Coordinated use of sequentially escalated cyclophosphamide and cell-cycle-specific chemotherapy (N4SE protocol) for advanced neuroblastoma: Experience with 100 patients
Antineoplastic Combined Chemotherapy Protocols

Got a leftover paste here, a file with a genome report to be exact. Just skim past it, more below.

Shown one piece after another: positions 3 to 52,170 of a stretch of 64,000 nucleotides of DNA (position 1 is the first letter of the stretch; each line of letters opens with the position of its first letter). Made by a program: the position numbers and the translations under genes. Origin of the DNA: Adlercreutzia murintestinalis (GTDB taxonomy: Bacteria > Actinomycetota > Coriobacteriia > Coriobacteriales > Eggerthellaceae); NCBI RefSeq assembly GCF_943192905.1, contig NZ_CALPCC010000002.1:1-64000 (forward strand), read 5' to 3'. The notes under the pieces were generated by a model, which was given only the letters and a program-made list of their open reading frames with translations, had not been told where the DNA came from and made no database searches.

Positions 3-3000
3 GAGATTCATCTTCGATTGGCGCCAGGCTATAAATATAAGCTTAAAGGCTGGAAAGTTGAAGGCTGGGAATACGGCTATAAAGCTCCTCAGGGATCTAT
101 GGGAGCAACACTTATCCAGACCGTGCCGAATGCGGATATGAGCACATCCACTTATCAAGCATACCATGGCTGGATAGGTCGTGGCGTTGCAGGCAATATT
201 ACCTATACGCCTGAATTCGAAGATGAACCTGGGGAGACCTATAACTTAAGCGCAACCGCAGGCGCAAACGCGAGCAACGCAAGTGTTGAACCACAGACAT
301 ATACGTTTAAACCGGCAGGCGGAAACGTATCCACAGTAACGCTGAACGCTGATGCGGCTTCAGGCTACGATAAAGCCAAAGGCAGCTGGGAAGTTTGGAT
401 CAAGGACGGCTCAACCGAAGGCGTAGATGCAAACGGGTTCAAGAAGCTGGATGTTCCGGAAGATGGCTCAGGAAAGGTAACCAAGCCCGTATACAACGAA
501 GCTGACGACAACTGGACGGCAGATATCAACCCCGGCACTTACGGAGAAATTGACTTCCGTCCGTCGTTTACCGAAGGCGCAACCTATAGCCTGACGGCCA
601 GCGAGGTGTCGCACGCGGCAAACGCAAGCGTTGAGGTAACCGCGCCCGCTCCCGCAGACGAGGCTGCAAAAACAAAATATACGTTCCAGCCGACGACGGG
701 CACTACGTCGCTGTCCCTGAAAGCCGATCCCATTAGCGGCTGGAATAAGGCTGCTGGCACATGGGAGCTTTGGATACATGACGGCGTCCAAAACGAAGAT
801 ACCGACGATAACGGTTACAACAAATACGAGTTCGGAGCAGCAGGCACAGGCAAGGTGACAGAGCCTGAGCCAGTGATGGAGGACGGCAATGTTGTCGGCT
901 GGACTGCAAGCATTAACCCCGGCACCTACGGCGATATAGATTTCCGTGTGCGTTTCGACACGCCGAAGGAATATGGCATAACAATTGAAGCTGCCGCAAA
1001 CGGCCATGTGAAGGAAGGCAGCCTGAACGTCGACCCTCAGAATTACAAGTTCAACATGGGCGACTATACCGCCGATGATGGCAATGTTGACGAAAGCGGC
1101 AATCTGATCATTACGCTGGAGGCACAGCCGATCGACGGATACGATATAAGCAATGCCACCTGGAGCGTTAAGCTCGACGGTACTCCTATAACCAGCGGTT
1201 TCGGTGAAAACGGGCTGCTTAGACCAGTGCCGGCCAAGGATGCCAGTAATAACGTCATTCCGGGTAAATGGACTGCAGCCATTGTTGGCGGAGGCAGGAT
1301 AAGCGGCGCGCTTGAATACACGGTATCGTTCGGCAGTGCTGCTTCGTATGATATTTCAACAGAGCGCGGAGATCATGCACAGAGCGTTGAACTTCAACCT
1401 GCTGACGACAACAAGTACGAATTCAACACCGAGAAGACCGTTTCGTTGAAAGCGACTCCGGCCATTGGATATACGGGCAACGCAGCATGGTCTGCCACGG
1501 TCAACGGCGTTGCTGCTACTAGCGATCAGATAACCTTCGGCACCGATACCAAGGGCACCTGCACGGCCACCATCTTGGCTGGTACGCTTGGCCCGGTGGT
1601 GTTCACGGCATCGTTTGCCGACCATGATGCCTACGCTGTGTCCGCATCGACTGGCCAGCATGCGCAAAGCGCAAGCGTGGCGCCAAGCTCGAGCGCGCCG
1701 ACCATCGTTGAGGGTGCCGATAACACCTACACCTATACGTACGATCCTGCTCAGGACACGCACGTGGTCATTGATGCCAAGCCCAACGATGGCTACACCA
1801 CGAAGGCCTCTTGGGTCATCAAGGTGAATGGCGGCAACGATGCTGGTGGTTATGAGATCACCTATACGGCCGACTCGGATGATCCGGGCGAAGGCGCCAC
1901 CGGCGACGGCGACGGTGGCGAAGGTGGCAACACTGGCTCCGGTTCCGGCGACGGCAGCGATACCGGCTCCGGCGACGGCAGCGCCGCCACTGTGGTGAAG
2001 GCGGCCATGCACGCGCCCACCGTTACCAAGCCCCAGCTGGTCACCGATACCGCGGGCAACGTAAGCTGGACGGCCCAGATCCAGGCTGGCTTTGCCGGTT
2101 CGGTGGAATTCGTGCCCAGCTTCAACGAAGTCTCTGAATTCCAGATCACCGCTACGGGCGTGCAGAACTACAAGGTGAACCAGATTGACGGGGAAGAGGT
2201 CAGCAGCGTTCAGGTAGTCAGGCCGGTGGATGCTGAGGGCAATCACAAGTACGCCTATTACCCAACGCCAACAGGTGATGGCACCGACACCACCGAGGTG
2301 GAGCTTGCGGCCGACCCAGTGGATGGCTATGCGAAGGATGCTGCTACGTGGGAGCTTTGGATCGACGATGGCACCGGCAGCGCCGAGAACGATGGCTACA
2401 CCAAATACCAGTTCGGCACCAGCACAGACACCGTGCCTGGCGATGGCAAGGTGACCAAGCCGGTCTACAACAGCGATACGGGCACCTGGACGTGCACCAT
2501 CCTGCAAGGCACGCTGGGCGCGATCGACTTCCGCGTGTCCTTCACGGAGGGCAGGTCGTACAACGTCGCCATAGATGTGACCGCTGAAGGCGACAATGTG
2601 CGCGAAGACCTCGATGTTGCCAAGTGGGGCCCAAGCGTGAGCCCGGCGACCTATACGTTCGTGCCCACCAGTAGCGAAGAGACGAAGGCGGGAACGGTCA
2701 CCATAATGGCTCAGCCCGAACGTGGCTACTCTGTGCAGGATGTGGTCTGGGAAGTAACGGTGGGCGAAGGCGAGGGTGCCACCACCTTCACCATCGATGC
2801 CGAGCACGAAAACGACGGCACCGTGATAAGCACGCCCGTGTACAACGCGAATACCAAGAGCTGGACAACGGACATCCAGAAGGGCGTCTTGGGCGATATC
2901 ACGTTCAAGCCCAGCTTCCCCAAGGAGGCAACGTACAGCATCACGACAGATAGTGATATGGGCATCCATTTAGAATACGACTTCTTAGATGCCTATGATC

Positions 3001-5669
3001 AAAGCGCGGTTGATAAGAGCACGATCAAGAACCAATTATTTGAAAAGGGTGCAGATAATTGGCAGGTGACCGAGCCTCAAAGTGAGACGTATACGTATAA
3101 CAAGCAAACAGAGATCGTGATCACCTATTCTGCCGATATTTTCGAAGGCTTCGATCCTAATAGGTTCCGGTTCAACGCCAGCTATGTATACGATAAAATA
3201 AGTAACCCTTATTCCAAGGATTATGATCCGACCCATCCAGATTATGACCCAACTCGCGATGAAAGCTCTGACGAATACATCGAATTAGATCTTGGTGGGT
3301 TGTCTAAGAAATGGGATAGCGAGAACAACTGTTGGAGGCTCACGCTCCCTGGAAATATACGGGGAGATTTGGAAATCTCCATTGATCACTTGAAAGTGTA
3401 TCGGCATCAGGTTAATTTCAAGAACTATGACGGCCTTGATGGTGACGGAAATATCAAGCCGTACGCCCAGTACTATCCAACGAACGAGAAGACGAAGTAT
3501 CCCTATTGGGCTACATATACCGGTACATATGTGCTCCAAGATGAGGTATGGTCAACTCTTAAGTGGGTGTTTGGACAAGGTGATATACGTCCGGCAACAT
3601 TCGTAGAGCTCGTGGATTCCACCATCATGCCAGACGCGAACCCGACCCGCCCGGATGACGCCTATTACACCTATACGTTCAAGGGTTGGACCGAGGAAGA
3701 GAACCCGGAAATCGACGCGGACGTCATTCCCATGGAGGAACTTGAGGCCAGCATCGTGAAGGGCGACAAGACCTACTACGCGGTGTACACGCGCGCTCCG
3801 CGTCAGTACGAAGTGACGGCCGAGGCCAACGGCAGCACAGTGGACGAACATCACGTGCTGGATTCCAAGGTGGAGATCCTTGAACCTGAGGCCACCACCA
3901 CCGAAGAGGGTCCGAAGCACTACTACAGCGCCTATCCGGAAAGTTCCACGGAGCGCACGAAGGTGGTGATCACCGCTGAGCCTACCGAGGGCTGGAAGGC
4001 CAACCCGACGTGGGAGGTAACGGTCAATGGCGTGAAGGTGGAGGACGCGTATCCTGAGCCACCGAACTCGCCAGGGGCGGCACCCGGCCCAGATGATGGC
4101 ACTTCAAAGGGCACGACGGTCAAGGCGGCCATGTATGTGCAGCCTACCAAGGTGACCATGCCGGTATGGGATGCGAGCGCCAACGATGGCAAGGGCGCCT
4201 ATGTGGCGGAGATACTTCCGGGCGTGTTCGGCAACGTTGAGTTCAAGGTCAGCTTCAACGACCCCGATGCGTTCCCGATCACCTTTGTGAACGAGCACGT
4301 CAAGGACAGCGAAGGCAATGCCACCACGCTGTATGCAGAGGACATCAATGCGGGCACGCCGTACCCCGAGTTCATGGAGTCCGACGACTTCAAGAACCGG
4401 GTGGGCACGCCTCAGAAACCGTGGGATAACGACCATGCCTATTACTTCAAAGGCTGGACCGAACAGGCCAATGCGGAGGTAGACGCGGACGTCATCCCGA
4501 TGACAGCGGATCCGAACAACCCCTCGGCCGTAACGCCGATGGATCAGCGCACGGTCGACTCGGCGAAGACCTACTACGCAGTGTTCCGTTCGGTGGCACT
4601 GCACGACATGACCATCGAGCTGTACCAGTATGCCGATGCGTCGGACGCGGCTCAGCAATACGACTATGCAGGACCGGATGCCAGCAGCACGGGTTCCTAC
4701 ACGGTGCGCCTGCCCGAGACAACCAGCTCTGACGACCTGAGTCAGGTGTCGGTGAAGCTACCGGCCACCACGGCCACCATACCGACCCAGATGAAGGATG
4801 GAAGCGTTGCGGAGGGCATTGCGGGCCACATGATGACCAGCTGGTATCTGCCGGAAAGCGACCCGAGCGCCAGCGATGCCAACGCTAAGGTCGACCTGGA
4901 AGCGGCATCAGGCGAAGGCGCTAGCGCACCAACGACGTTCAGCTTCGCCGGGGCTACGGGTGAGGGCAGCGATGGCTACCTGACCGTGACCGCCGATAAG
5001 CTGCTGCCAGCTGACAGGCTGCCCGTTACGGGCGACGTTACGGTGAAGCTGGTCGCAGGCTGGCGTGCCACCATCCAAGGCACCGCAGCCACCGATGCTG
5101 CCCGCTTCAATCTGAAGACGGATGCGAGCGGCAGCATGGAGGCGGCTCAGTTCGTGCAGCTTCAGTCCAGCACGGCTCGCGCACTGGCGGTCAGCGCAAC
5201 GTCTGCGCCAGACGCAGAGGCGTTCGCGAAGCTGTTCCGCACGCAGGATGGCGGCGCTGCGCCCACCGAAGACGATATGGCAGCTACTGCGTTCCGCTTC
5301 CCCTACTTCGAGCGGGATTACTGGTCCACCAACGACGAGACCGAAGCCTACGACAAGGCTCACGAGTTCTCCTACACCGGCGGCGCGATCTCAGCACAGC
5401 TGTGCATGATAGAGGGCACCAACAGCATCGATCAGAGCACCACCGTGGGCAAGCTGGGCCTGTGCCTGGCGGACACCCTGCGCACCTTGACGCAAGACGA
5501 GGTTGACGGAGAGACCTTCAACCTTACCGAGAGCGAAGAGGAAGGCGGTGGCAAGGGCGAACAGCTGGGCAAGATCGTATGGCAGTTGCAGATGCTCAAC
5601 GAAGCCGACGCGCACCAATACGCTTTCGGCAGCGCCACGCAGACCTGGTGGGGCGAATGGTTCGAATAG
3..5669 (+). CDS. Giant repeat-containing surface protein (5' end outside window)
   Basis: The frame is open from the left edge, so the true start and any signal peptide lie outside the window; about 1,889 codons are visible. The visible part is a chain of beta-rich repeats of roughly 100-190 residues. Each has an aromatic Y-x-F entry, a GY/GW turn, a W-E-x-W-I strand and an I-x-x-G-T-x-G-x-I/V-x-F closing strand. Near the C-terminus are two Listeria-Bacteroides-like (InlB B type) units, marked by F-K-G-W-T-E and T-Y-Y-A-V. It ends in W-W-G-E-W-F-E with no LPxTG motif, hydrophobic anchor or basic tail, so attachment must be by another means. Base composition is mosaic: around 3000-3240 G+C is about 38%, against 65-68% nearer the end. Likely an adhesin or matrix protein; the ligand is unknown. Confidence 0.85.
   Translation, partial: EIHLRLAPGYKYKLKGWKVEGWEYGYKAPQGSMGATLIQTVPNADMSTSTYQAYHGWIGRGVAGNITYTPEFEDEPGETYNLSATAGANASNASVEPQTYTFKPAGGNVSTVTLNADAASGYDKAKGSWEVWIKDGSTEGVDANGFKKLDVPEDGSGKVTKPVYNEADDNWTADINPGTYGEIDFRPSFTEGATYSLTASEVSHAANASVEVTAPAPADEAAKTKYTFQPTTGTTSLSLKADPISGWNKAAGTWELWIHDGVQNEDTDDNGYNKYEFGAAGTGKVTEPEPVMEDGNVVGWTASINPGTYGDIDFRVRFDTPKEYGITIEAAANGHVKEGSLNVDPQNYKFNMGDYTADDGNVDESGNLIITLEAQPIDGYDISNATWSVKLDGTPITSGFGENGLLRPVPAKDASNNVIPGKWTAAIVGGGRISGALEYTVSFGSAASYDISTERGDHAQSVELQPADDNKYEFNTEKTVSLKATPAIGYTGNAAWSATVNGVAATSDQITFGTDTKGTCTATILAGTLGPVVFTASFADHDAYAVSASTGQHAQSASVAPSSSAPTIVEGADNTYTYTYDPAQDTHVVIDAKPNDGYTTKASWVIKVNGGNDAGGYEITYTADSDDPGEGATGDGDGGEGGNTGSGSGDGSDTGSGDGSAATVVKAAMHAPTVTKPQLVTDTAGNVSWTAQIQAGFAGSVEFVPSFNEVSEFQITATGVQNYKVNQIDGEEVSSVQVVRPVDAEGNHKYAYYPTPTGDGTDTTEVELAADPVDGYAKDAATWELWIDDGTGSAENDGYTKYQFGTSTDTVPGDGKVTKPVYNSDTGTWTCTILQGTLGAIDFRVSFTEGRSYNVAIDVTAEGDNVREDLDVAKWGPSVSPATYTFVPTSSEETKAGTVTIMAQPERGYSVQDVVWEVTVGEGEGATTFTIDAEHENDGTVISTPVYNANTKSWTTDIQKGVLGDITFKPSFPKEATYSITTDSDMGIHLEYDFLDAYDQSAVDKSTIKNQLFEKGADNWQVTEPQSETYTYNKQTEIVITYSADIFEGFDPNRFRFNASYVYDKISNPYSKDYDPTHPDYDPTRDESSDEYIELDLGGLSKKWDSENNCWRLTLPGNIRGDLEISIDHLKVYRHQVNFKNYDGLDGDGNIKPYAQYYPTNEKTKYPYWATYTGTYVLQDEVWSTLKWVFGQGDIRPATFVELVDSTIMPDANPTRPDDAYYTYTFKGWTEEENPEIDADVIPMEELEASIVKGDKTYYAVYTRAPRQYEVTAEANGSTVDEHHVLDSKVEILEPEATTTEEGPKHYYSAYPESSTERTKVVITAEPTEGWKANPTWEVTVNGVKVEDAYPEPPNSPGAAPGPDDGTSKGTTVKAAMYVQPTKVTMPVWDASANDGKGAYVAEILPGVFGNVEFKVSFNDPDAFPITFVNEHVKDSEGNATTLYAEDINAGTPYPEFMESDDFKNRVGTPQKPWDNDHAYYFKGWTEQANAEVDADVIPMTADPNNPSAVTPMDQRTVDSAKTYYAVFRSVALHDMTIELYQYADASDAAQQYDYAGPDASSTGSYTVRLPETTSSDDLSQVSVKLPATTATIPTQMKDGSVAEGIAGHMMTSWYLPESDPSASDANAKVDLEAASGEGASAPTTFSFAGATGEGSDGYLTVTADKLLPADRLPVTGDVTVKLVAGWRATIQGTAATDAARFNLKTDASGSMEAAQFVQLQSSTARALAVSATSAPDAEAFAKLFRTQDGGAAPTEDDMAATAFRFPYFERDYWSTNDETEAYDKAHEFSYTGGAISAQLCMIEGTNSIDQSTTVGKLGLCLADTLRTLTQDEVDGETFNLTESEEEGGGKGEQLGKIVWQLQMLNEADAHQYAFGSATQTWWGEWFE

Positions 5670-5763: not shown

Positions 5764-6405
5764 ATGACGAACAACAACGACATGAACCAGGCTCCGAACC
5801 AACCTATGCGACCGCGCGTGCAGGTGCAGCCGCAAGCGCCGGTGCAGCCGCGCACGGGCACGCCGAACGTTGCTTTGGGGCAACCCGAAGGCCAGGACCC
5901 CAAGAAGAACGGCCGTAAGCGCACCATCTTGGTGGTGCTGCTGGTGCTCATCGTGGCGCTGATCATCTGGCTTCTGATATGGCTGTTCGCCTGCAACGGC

A rationally devised induction regimen of vincristine, Adriamycin (Adria Laboratories, Columbus, OH), and sequentially-escalated cyclophosphamide (CPM), followed by S-phase-specific agents (5-fluorouracil [5-FU]/cytosine arabinoside [ara-C]/hydroxyurea), was used in 100 patients with neuroblastoma. Of 17 patients under 1 year of age at diagnosis, complete (CR)/good partial (GPR) responses with long-term disease-free survival were achieved in 11 (85%) of 13 new patients and in two of four previously treated patients; six of the GPRs also received myeloablative therapy with autologous bone marrow rescue to consolidate remission status. The 83 patients over 1 year of age at diagnosis included three groups: (1) 36 new patients whose N4SE included maximal-dose CPM (ie, up to 140 to 160 mg/kg/course); (2) an earlier group of 18 new patients whose N4SE included moderate-dose CPM (ie, up to 80 mg/kg/course); and (3) 29 previously treated patients who all received the maximal-dose N4SE regimen. For new patients, CR/GPR rates were 72% in the maximal-dose group v 39% in the earlier moderate-dose group (P = .029). A CR/GPR rate of 41% and a partial response rate of 17% were observed for the 29 previously treated patients, all but two of whom had large tumor burdens after therapy that included moderate doses of CPM. Despite consolidation with myeloablative therapy, many responders in the three groups ultimately relapsed. The N4SE was strongly myelosuppressive, but only two patients died from associated infection. Extramedullary toxicity was limited to hemorrhagic cystitis in four of 33 CPM previously treated patients; this problem did not occur in the 67 new patients. The data indicate that the maximal-dose N4SE is an effective induction regimen for neuroblastoma, can achieve marked regressions of disease resistant to less intensive therapy, and is sparing of major body organs. This high rate of remission induction must be coupled with improvements in consolidation therapy to assure long-term disease-free survival of poor-risk patients.